The nature of the object needs to be clarified, not absolutely, but in relation to the earlier experience of the child. The child does not know what to do because of the ambiguity of the object. Once the object is clarified, then the child can act in a unified manner again intelligently. To act without clarifying the nature of the object would be unintelligent.

Inquiry (and exploration), then, forms an essential condition for all learning. Furthermore, inquiry involves an evolving relationship between the child and her environment. Both the child and the environment undergo reconstruction or evolution, with the child learning, in part, through her own actions (self-determination).

Since both the child and her environment undergo induced change through the initiation of the child’s own actions, by changing her environment she may (if she connects her actions to the consequences of her actions) change her own capacities (habits or structures that have a function in the environment). Learning then can be considered self-change through action on the environment in such a way that new connections, both “subjective” (structural habits internal to the individual) and “objective” (structural conditions in the environment). The terms “subjective” and “objective” are in quotation marks because, in reality, the life process always involves the living being and its environment.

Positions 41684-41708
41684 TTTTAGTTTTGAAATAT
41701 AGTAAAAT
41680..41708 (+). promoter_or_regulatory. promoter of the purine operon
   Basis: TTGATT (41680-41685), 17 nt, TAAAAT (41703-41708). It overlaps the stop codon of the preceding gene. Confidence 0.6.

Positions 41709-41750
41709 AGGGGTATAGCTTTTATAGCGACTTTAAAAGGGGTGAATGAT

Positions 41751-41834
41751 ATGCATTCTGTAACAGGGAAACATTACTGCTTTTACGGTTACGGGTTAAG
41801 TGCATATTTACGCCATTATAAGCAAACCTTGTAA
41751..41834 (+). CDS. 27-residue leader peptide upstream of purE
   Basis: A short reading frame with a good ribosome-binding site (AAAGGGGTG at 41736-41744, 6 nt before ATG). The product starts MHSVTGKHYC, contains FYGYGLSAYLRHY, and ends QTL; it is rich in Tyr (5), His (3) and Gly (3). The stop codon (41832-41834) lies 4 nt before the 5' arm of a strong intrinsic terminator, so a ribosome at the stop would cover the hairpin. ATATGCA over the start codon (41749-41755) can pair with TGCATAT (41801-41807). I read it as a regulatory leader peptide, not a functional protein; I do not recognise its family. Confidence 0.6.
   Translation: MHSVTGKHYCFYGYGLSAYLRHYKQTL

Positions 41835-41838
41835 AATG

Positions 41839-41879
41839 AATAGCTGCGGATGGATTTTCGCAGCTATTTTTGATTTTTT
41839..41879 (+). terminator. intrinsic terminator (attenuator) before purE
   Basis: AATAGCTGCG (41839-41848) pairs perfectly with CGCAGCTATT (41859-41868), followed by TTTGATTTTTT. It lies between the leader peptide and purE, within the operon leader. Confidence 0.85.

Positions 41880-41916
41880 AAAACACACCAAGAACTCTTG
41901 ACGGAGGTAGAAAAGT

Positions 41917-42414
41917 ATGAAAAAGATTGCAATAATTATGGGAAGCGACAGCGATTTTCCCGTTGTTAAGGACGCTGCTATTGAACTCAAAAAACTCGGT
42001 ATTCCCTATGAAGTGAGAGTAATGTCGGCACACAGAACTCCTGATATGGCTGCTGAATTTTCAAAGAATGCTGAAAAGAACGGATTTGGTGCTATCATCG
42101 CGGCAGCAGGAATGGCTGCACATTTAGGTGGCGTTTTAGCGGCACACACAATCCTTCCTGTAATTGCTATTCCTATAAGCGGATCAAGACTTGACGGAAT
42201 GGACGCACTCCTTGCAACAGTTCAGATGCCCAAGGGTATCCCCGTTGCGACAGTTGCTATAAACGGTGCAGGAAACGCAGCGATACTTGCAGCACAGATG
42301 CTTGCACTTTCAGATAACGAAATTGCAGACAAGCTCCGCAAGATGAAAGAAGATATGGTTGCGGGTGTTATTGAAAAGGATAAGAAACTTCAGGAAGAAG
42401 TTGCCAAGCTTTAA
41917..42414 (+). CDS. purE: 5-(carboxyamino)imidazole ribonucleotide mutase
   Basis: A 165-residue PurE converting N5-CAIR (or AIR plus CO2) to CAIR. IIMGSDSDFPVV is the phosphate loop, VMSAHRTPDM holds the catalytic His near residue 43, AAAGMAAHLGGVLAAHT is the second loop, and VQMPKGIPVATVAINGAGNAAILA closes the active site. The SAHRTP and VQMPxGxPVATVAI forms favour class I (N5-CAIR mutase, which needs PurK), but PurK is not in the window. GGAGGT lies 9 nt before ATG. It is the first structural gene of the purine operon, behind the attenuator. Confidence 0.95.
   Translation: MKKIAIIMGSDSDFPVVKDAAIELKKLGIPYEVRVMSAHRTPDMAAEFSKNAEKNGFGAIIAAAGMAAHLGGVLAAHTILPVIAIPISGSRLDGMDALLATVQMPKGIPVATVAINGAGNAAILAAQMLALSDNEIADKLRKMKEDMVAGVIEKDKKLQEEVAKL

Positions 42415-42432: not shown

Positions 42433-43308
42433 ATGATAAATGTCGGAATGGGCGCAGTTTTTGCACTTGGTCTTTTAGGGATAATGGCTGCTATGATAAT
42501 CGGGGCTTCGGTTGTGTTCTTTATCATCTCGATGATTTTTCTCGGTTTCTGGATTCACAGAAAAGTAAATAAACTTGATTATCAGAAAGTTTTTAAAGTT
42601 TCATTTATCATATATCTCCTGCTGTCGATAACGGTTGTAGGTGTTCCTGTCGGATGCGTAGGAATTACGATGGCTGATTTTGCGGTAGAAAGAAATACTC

Schools typically waver between treating the child (the living being) as primary and the environment as secondary, or the environment as primary (as in outcome-based education) and the child as secondary. The life process, however, is a continuous process that can only be separated into subjective and objective aspects for specific purposes as, for example, when the relationship breaks down.

In real learning, it is the situation and not one side or the other of the life process that is changed since the situation requires inquiry and change (which involves both aspects of the life process—although not necessarily in equal measure, depending on the situation). The rhythm of life requires varying focal points as the situation develops: the drama of life.

Human life, however, generally involves others as part of the environment so that the immediate environment for most individuals is social (and even when it is not, it is mediately, through language—a social product—as well as the production for the conditions of life, such as food, clothing and shelter).

More concretely, in educational terms, learning must involve the participation of the student in her education, but the environmental conditions must involve the setting of situations that involve the need for inquiry. Inquiry also requires the use of the body, and the use of the body can be intelligent or unintelligent. Learning is not some academic exercise (although the modern school system treats it that way). Intelligence is really an adverb—to act intelligently, which in turn reflects back on the individual as a characteristic of the individual—the intelligent person (an adjective). Thought and intelligence are not abstract characteristics of individuals but active ways of acting in the world. It may be necessary to step back and reflect (distancing oneself from the environment)—but only in order to act more intelligently in the world.